is there a reason you went away from CIC this time?

I love the idea of being able to adjust your own HA, I spent weeks trying to locate someone with the correct software to do minor adjustments to mine.
Because i purchased mine whilst overseas I didn’t have a local dealer.

I too am a very happy “Personal Programmer” using the HearSource system ( I am on my third set of hearing aids and really could not justify, in my mind, spending another 5 to 6 thousand dollars on hearing aids.

I found HearSource through my repair needs. My previous aids were performing at less than optimal and when I went to the audi for repair / adjustment I was informed that in her opinion they were unrepairable and that I needed to “upgrade” to newer technology.

I went home and started searching for an alternative. I came across the HearSource website and sent both aids in for repair. I received both my hearing aids back in about one week and the bill was only $198 for the pair. Needles to say there was a bond of trust established with this company from the get go.

About a year ago, I purchased a set of HearSource FreeStyle OpenEar hearing aids for $1,990. They came with all the cords, programmer, software, etc. so that can do the adjustments myself. HearSource requests that you call them when you receive your hearing aids and they walk you through getting everything set up right and then they remotely help you fine tune your aids. I found it amazing seeing my cursor move on my computer and all the time listening to the HearSource “Coach” walk me thru the process, step by step.

They really do have a very nice setup. And I think most importantly, they were very nice and patient with me and all my “stupid” questions.

I enjoy doing the adjustments myself. I feel I have a better handle on it than when I was having to explain to someone else what I was hearing and then expecting them to be able to make adjustments to my satisfaction. What sounds great in the office may not be quite right out in the real noisy world.

These were the factors in me deciding to take control of my hearing loss. Since doing so, I haven’t looked back.


I purchased a BTE Open Fit RIC aid from Hear Source recently. I have been very satisfied with its performance and quality. I have an extensive background in electronics and computer science. I found the programming easy after watching their excellent video tutorials. They also provide an extensive manual for the aid and software in a three ring binder.

It is very convenient to have the ability to adjust your own aids at any time. You don’t have to wait for an appointment and available transportation.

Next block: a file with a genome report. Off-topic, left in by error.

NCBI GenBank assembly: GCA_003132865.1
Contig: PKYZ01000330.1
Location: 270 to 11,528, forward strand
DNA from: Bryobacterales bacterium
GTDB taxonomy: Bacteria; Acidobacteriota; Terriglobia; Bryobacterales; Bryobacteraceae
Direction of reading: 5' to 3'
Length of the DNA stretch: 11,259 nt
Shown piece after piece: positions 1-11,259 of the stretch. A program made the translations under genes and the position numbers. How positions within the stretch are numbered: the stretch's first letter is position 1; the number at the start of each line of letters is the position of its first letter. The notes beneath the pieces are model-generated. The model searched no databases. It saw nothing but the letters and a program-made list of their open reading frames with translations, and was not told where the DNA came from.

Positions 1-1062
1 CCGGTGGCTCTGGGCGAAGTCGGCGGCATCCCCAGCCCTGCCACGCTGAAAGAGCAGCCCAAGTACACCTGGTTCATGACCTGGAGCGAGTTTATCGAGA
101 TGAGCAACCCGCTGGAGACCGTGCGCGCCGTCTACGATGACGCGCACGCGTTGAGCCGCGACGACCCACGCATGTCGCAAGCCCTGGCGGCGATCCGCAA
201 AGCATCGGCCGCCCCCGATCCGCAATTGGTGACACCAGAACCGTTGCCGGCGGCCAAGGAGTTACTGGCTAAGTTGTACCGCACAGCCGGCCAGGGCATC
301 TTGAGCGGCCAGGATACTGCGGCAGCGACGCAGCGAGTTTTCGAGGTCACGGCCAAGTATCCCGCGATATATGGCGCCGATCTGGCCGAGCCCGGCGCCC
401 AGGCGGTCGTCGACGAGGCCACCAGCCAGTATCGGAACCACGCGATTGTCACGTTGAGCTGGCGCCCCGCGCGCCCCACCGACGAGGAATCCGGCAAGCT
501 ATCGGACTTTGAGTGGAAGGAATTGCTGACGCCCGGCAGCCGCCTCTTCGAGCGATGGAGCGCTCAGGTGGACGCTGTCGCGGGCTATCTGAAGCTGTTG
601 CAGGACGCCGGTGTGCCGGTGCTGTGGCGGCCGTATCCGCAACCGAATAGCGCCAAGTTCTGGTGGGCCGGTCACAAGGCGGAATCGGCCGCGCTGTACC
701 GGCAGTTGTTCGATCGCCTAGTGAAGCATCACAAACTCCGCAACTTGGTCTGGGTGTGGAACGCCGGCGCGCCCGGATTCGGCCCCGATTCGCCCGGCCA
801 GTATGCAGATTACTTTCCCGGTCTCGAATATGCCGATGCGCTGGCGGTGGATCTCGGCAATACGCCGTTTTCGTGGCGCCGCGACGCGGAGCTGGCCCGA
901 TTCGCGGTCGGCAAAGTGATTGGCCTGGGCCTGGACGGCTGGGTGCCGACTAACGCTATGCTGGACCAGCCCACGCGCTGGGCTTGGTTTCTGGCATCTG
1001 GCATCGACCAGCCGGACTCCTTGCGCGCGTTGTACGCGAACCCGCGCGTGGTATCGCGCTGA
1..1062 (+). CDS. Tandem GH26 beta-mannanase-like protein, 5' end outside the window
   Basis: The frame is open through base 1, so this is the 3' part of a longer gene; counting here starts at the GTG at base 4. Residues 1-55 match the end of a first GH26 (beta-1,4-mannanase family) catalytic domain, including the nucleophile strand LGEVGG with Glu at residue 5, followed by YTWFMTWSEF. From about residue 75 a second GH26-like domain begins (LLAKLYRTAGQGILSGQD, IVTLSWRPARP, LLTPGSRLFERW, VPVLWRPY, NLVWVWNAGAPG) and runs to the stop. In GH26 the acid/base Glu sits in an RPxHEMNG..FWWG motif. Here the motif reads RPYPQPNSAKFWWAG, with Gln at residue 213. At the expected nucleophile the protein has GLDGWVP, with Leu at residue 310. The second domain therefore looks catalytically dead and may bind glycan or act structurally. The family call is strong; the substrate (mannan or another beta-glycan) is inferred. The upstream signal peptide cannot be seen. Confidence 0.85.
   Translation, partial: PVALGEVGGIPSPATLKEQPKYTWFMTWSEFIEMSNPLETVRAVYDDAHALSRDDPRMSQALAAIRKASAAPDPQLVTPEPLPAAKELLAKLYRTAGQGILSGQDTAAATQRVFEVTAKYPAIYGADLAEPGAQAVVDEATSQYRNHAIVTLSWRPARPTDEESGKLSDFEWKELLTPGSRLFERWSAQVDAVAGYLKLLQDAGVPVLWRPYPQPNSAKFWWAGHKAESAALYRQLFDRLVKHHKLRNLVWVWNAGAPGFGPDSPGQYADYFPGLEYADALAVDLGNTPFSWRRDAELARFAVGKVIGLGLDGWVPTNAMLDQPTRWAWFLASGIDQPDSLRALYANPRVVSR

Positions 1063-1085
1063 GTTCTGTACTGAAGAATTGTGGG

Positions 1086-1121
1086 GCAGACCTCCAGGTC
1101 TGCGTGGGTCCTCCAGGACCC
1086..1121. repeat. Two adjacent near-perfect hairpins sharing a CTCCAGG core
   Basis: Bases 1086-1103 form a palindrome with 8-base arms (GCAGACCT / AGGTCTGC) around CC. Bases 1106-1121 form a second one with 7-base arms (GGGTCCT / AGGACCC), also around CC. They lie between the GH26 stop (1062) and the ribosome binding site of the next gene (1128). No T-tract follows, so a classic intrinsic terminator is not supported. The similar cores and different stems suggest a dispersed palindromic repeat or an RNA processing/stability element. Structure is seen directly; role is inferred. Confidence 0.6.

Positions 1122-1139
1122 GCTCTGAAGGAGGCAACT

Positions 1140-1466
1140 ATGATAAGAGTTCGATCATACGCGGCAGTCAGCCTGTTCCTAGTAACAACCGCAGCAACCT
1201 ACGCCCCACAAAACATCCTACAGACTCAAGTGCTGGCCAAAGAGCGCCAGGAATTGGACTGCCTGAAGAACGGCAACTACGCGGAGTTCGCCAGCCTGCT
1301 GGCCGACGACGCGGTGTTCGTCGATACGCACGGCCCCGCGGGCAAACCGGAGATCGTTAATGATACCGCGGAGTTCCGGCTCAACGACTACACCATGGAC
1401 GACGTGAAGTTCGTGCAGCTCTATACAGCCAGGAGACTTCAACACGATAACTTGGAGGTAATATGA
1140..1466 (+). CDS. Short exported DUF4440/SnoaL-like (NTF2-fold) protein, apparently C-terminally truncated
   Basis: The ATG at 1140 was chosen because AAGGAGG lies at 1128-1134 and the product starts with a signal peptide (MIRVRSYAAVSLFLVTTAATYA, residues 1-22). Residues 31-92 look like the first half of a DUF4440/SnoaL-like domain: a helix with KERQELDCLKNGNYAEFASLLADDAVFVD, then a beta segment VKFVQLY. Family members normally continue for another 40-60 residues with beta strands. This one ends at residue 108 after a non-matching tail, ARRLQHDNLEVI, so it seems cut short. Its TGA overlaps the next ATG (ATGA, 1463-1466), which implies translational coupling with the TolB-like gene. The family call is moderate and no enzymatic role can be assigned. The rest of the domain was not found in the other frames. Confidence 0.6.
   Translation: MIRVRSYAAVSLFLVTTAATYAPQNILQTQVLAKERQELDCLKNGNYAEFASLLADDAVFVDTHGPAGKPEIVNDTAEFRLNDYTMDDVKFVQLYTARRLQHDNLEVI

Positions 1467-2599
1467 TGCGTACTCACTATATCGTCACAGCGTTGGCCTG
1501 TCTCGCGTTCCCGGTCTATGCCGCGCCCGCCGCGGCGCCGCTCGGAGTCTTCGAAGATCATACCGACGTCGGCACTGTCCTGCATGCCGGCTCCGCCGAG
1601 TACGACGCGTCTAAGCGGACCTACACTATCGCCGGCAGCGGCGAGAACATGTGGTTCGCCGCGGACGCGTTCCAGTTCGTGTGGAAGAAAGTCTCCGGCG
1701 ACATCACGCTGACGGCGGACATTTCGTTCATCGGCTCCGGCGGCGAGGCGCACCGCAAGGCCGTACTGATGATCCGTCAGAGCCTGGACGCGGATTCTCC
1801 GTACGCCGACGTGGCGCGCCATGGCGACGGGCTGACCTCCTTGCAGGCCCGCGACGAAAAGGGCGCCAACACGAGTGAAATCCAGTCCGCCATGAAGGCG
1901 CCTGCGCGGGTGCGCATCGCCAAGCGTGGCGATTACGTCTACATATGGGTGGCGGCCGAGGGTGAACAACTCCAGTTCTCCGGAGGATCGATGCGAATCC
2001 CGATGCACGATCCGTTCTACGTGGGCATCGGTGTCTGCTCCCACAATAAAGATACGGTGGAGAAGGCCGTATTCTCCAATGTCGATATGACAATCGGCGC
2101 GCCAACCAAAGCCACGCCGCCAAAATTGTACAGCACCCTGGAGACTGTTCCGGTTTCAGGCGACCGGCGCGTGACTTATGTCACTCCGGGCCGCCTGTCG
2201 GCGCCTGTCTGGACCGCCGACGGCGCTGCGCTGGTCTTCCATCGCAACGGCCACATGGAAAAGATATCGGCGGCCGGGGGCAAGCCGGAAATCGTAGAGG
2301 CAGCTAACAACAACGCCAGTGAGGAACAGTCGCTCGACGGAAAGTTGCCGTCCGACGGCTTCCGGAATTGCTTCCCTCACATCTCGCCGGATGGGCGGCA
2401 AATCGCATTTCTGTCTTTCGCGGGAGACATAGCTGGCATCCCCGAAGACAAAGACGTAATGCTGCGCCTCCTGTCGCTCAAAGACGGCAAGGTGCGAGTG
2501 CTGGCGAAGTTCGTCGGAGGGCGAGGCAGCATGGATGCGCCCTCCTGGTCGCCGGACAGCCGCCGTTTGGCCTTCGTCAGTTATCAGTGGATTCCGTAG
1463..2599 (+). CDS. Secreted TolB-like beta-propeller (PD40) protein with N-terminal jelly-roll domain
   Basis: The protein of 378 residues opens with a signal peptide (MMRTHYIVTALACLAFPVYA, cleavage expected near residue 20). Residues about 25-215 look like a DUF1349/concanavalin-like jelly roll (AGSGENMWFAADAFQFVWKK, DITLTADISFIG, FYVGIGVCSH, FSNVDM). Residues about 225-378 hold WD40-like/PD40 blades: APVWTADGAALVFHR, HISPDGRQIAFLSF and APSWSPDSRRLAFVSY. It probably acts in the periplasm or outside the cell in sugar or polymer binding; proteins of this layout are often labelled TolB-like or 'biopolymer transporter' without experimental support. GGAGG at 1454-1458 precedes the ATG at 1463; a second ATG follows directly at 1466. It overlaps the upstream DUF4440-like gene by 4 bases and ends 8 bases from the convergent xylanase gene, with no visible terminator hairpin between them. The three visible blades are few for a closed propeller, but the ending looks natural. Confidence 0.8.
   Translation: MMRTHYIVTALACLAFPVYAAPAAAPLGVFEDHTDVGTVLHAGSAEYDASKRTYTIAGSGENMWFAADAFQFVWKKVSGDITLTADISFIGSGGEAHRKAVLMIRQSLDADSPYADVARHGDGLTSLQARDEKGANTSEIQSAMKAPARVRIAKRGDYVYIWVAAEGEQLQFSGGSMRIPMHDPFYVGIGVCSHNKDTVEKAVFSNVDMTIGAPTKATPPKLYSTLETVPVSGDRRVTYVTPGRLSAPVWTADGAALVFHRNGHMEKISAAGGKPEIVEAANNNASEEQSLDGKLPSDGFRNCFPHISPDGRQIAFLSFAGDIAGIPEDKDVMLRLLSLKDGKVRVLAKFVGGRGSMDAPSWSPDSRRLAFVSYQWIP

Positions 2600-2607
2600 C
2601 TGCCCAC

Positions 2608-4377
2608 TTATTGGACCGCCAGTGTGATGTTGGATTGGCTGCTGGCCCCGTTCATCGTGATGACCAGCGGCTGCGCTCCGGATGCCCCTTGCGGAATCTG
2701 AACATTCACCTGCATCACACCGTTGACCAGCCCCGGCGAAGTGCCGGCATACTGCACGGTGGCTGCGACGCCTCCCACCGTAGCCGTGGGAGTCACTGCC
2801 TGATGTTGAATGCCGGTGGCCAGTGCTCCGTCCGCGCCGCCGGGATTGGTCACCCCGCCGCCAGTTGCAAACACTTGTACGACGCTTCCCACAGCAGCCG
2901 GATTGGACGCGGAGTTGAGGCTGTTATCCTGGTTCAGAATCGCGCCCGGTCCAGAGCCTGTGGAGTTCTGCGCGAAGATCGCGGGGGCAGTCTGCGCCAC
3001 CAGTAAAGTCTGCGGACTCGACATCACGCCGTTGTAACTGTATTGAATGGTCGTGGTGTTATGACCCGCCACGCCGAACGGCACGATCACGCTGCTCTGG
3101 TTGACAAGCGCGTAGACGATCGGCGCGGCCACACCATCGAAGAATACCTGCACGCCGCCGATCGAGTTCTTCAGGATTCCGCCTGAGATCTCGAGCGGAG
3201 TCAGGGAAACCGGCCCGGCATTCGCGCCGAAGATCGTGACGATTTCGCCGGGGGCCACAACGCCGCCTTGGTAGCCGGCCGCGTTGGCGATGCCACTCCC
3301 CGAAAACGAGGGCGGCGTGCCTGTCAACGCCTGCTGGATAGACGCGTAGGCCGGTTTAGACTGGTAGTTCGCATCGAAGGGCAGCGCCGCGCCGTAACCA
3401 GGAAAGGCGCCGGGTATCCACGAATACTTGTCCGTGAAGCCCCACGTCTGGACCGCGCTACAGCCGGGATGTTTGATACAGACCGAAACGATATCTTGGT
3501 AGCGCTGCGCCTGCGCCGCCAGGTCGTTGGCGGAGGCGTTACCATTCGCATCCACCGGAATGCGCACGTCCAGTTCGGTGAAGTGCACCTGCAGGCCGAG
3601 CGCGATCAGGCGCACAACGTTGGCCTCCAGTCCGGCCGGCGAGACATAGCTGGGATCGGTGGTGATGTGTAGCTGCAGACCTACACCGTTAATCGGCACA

I did call support twice. They were very helpful and provided the answer to both of my questions promptly. In addition, they could have adjusted my hearing aids over an internet connection using the supplied software. For me it is provides the ultimate convenience and value.

I will say however that I have purchased a set through a local audiologist do to the availability of a remote control. More on this in another thread.


I chose America Hears over Hear Source because America Hears was only a 20 minute drive for me. My first fitting was done in their office and my second fitting was done over the internet where they take control of my computer with my HA’s connected. That’s just too cool, you have to try it! Of course after that, I did all of my own adjustments.

Since I’m local,they told me I could come in any time for adjustments if I had a problem that i couldn’t resolve myself. Of course I would have to make an appointment.:rolleyes: They’re very customer oriented - It’s all about the customer. Hear Source is obviously run the same way - judging by all the positive posts on this board.



I think HearSource does it right. Group hug. :stuck_out_tongue:

I am also waiting for technology more appropriate to my needs to arrive on self-programming. I’ve yet to find a pair that support direct input, and DAI is absolutely fundamental to the way I used my hearing aids so I’d never purchase anything without it. Unless you have an interested, patient audiologist AND availability of an assortment of different settings nearby to actually go into and test the settings then office visits just don’t do it. Why ask me in a silent room if this or that setting is any better for reducing traffic noise in the street? Imagine the same thing for eye testing - there you go Mrs Bloggs, do you think you will be able to read your book any better with these lenses? Do you think you’ll be able to drive with these lenses? No, dear, keep your eyes shut for now, you’re going to take them home and drive for a while then make a new appointment if you can’t see.

NHS users are often unofficially restricted in the number of tune-up appointments they can get, most are not even told retuning is possible or recommended so they walk away on stage 1 settings and stay there for the next 3 years. If you return more than once every 6 months for retuning you are warned off, and appointments can take 3 months to come through in the first place. Many program without even allowing you to look at the screen and most adult dispensers don’t even know the first thing about DAI. Then there are the local policies that get you - we believe the auto program is so good we don’t “allow” you to have any others in there. Oh, we only allow global adjustments, we don’t turn loud sounds down and soft sounds up as you may lose the ability to tell whether sound is nearby or far away (already lost that ability, adjust away!)

But the instruments just aren’t up to the task for me, not in deliberately self-programmed instruments. I fully intend to take the self-programming path when I find a hearing aid I think has enough basic capability to make the investment in. My current hearing aids are not going to be it.